The popliteal artery, a continuation of the superficial femoral artery, normally courses between the medial and lateral heads of the gastrocnemius muscle. In PAES, normal positioned popliteal artery might be entrapped by neighboring muscles and tendons due to variations or abnormal coursed popliteal artery might be compressed by normal positioned muscles and tendons.[2,3] Although the exact prevalence of PAES is unknown, there have been reports of its existence in young males 0.16% who were entering military service.[3] Popliteal artery disease is a rare cause of IC of the lower leg; however, the most common cause is PAES in young men. Other causes of IC are adventitial cystic disease, muscular fibrodysplasia, arteritis, and compression of the artery by exostosis of the distal femur in young athletes. Sixty percent of patients with PAES under 30 years old and PAES male/female ratio is seen 15:1.[1,3,4] Popliteal artery entrapment syndrome presents with calf pain and IC during exercise.[2,3] Our patient also presented with calf pain and IC which was relieved with rest. In the literature, there have only been a few cases as young as ours.

Love and Whelan[5] developed most useful PAES scheme in 1965 and Rich et al.[6] were modified this scheme in 1979. According to this scheme PAES categorizied in to six subtypes:

Type 1: Medial head of gastrocnemius muscle is normal; popliteal artery is deviated medially and has an aberrant course.

Type 2: Medial head of gastrocnemius muscle is located laterally; no deviation of popliteal artery. Type 3: Abnormal muscle bundle from medial head of the gastrocnemius muscle surrounding the popliteal artery.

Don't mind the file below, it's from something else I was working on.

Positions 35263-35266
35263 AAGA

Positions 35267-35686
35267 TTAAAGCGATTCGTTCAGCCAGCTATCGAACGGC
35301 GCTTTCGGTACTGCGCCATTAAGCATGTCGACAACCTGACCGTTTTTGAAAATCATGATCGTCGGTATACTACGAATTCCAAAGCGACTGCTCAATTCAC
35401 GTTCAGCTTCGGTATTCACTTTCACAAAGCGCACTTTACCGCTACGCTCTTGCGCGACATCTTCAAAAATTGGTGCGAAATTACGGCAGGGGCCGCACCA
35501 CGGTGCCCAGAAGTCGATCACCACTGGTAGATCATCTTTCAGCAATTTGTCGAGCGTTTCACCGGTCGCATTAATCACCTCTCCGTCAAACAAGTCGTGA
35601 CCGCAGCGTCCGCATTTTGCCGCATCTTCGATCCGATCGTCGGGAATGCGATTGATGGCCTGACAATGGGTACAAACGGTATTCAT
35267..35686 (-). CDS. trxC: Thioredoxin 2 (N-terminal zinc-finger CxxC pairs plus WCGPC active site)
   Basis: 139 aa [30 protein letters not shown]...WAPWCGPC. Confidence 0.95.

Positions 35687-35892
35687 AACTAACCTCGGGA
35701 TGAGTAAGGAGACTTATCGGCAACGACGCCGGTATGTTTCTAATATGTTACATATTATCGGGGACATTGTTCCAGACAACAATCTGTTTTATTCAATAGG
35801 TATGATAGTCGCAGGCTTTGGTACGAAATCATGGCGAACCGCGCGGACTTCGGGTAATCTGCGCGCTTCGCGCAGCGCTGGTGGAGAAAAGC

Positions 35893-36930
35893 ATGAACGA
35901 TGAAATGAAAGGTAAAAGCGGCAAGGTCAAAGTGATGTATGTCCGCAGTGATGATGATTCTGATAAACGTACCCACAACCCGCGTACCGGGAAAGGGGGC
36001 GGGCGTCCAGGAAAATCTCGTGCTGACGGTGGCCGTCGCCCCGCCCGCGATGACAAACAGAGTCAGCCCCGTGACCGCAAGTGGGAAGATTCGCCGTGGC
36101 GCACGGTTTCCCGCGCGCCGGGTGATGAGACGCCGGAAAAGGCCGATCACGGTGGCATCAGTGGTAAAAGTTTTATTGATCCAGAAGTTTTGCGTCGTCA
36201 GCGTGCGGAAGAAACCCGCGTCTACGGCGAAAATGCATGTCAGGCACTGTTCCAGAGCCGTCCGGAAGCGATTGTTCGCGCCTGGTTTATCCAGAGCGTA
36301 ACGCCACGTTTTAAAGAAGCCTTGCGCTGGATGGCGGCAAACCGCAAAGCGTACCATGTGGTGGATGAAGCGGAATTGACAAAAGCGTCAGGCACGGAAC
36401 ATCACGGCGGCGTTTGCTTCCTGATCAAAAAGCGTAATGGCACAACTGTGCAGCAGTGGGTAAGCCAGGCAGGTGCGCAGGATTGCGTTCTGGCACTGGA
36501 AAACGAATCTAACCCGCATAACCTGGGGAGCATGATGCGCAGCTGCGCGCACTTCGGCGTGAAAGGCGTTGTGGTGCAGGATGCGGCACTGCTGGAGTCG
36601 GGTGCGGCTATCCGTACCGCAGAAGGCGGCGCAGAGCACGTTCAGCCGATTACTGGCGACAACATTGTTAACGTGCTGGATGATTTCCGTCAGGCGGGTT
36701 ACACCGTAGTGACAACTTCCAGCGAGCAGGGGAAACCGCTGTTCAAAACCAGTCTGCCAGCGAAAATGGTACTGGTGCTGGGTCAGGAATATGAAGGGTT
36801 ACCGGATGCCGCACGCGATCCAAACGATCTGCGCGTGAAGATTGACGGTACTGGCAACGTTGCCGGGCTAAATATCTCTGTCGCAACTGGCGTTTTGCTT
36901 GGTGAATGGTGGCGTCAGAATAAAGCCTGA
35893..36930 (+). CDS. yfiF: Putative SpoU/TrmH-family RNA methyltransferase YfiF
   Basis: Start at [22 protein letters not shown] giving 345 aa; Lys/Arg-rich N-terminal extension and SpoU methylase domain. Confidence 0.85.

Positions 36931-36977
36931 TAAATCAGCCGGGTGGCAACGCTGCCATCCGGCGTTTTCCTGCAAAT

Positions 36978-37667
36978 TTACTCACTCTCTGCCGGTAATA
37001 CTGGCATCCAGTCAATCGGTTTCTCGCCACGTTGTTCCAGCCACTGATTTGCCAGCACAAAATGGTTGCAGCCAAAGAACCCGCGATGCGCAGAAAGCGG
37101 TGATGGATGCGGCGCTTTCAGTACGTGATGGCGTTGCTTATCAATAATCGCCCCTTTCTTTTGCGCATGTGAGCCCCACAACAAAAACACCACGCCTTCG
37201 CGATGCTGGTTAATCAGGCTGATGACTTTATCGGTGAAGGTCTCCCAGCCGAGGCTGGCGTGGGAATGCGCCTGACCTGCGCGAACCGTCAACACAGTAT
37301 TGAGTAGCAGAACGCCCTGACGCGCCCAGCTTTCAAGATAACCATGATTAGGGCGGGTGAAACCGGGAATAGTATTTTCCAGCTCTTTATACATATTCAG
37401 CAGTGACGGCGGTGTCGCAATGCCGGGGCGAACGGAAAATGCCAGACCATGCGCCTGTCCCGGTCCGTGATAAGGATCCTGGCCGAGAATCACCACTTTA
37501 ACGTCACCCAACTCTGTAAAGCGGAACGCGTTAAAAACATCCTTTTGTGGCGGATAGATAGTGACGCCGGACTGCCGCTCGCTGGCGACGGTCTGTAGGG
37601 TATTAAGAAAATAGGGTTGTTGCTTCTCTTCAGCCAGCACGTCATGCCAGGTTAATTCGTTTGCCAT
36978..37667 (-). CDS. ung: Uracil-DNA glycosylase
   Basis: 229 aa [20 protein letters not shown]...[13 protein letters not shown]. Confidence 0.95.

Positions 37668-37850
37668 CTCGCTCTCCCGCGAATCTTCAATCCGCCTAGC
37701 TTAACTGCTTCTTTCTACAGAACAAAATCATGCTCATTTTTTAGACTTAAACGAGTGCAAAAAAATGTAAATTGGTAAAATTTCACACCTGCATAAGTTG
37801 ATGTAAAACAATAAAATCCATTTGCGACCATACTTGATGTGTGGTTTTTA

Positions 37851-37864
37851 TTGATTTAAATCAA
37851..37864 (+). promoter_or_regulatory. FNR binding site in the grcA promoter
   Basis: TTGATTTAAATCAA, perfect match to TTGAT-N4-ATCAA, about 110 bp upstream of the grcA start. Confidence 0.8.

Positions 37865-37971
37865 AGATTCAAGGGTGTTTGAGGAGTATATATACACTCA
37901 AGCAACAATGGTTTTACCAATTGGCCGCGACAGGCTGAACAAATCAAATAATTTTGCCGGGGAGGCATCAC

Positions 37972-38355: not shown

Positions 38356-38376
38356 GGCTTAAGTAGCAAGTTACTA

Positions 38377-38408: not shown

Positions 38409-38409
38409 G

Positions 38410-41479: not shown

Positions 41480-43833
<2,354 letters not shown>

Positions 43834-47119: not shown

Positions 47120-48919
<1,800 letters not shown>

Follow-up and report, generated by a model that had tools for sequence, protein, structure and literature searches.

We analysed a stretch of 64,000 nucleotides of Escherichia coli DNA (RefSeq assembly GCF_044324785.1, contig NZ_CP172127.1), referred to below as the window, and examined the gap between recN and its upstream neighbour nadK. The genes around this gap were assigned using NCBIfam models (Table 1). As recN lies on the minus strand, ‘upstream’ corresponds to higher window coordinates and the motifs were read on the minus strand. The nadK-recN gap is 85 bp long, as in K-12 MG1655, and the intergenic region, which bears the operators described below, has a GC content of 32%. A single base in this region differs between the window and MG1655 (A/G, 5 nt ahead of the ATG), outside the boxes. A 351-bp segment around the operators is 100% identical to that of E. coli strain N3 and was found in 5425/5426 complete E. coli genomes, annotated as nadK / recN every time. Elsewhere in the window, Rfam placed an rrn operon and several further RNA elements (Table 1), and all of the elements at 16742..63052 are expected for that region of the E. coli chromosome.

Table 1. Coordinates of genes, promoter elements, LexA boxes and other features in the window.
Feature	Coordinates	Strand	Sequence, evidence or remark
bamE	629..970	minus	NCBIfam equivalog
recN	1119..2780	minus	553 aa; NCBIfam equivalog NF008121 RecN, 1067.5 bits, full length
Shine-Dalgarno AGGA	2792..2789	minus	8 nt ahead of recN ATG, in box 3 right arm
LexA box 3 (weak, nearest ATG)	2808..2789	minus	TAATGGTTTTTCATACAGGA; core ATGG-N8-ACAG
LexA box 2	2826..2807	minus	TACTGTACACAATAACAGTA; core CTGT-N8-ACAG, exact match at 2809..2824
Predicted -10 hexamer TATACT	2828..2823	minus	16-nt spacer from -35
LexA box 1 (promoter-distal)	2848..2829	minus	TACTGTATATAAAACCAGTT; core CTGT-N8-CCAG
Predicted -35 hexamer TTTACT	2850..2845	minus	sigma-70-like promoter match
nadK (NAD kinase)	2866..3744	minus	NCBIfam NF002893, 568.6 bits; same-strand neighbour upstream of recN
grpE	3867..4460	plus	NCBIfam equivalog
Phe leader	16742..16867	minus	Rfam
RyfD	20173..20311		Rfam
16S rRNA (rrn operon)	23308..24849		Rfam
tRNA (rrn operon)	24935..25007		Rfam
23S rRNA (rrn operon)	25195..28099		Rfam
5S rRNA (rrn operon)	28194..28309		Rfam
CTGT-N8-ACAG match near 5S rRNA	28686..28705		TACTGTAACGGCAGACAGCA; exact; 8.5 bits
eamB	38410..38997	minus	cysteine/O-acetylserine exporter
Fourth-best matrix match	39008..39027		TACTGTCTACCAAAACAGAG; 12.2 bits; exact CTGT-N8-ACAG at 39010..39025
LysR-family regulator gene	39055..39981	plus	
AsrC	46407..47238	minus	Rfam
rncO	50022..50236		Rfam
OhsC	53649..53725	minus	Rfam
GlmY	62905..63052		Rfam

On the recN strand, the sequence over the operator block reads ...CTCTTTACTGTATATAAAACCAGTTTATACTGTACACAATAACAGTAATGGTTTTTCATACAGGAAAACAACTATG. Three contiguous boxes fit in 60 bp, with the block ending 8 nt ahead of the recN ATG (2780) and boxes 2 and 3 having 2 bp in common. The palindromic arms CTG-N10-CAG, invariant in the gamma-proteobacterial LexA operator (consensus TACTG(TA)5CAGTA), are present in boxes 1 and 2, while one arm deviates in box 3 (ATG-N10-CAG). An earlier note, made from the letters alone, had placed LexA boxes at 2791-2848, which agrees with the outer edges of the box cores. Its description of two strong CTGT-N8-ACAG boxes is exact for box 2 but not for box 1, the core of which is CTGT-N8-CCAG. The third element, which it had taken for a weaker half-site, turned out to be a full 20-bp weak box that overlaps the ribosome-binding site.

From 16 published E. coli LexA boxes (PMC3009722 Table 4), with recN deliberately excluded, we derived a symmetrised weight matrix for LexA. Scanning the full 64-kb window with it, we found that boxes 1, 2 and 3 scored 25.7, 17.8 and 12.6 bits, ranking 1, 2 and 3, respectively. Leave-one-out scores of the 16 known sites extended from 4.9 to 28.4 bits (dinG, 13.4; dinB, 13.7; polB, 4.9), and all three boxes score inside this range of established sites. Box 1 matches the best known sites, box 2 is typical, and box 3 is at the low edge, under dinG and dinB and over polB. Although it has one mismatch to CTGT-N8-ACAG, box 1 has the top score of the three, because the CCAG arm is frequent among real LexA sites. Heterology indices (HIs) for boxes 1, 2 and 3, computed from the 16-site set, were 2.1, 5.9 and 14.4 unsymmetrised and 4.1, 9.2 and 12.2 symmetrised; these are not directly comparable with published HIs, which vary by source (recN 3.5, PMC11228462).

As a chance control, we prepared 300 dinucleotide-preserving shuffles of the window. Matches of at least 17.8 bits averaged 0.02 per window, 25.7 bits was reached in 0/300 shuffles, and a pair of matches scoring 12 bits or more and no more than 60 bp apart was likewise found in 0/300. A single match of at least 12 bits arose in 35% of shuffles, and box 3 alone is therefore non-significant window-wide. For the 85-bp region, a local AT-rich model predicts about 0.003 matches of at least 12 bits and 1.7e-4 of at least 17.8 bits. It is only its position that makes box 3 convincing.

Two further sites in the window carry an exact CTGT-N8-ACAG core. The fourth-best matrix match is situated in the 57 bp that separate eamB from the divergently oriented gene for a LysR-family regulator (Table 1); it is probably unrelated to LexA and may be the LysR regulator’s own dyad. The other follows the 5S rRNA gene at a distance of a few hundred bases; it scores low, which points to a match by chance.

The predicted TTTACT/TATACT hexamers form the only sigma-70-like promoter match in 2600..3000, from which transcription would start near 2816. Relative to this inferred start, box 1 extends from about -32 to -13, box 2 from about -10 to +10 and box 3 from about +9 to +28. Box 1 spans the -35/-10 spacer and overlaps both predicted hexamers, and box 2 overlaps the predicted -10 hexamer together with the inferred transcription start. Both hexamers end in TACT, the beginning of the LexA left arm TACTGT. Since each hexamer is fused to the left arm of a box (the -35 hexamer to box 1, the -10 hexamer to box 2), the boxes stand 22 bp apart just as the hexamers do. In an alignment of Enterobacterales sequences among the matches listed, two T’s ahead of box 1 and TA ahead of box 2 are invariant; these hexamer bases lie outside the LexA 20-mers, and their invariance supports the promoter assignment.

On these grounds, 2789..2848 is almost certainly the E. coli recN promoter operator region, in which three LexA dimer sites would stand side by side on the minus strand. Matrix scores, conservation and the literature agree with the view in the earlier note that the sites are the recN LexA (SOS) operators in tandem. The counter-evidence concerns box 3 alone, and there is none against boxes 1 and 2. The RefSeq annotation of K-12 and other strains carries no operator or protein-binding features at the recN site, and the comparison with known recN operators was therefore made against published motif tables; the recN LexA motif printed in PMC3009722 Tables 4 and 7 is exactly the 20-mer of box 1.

Type 4: Popliteal artery is located deeply and entrapped by the popliteus muscle or a fibrous band.

Type 5: Popliteal vein is also entrapped with any type of popliteal artery.

Type 6: Popliteal artery is normally positioned and entrapped by a normally positioned, hypertrophied gastrocnemius muscle.[3,6]

Color Doppler sonography is the primary imaging method used in the diagnosis of PAES, and it may also reveal popliteal artery stenosis, changes in color flow, or increased peak systolic velocity. Furthermore, this type of imaging also sometimes show the popliteal fossa anatomy and poststenotic aneurysms. Computed tomography angiography and magnetic resonance imaging (MRI) can show arterial stenosis, poststenotic dilatation, and the popliteal fossa anatomy. However, MRI is the best choice for evaluating the popliteal fossa anatomy and vascular compromise without the use of ionizing radiation or iodinated contrast material.[3,7]

Symptomatic PAES if not treated, eventually progresses the luminal narrowing, thrombosis and total occlusion. Because chronic microtrauma of the vessel wall can result in intimal damage and fibrosis that make the vessel susceptible to thrombosis.[8] The primary treatment method for PAES is surgery that involves extracting the muscle or tendons which causing the entrapment and also if necessary vessel lumen should be restored with endarterectomy or bypass grafting. The endovascular treatment of PAES not preferred choice without removing the underlying reason for the vessel entrapment however combined therapy-endovascular and surgical- had been performed.[8.9] Our patient had been operated two years before being admitted to our facility, and the popliteal arteries had been released via a myotomy and tenotomy. That surgery had alleviated the symptoms until three months prior to this admission when the symptoms had returned. A growing period or an inadequate release may have played a role in the recurrence of PAES in our patient.

In conclusion, PAES is usually seen in patients who are less than 30 years old and may also be found in teenagers, as in our case. Therefore, the pediatrician has to look for the presentation of claudication, which is the primary symptom of PAES. After surgery, teenage patients should be followed up closely to check for recurrence of this syndrome.

Declaration of conflicting interests
The authors declared no conflicts of interest with respect to the authorship and/or publication of this article.

The authors received no financial support for the research and/or authorship of this article.

Keywords : Claudication; entrapment syndrome; nonatherosclerotic vascular disease; popliteal artery; stenosis